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    Accurate, fine spatial resolution predictions of surface air temperatures are critical for understanding many hydrologic and ecological processes. This study examines the spatial and temporal variability in nocturnal air temperatures across a mountainous region of Northern Idaho. Principal components analysis (PCA) was applied to a network of 70 Hobo temperature loggers systematically distributed across 2 mountain ranges. Four interpretable modes of variability were observed in average nighttime temperatures among Hobo sites: (1) regional/synoptic; (2) topoclimatic; (3) land surface feedback; (4) canopy cover and vegetation. PC time series captured temporal variability in nighttime temperatures and showed strong relationships with regional air temperatures, sky conditions and atmospheric pressure. PC2 captured the topographic variation among temperatures. A cold air drainage index was created by predicting PC2 loadings to elevation, slope position and dissection indices. Nightly temperature maps were produced by applying PC time series back to the PC2 loading surface, revealing complex temporal and spatial variation in nighttime temperatures. Further development of both physically and empirically based daily temperature models that account for synoptic atmospheric controls on fine-scale temperature variability in mountain ecosystems are needed to guide future monitoring efforts aimed at assessing the impact of climate change.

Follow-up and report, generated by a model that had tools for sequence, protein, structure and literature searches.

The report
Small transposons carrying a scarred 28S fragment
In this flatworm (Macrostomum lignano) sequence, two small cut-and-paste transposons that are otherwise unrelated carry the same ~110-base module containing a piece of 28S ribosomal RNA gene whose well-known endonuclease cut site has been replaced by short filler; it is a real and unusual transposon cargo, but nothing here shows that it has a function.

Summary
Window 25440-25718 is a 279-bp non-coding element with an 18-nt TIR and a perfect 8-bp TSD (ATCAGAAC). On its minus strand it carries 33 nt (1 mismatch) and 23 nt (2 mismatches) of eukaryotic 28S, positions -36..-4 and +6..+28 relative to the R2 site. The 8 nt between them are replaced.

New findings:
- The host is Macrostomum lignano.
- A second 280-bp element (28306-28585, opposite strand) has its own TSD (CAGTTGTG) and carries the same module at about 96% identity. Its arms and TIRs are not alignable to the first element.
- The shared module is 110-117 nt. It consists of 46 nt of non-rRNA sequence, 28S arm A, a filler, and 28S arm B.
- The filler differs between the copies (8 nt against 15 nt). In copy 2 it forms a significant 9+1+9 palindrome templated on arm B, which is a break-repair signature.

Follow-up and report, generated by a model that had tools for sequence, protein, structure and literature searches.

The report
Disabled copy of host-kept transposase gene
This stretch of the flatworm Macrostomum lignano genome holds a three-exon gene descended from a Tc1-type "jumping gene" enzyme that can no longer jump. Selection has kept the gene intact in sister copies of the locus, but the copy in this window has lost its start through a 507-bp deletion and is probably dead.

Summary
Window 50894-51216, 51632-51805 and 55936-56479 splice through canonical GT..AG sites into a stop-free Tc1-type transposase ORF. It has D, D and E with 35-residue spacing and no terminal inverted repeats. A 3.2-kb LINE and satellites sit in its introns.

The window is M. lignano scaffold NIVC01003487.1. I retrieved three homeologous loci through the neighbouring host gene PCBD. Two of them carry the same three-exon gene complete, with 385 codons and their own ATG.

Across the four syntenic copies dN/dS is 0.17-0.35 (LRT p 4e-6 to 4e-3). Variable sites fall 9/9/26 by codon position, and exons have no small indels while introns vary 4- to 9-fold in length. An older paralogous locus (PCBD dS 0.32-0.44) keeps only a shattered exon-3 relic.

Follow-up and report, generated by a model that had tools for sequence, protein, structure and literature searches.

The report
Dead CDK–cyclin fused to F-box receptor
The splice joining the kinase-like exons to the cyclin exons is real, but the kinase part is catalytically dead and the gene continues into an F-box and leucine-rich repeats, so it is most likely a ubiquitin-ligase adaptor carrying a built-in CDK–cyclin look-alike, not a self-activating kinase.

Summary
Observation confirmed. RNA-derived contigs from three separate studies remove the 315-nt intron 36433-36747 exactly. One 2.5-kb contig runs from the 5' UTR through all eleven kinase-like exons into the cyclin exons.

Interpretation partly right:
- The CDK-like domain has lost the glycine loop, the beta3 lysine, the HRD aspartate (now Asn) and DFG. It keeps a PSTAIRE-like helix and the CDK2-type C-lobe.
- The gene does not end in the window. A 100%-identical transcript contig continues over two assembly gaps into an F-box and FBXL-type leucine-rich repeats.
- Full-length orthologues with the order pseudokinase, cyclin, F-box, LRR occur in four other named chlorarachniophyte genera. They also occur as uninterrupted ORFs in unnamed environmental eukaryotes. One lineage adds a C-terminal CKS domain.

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    Holden, Zachery A.; Crimmins, Michael A.; Cushman, Samuel A.; Littell, Jeremy S. 2010. Empirical modeling of spatial and temporal variation in warm season nocturnal air temperatures in two North Idaho mountain ranges, USA. Agricultural and Forest Meteorology. 151: 261-269.


    topoclimate, PCA, random forest, cold air drainage

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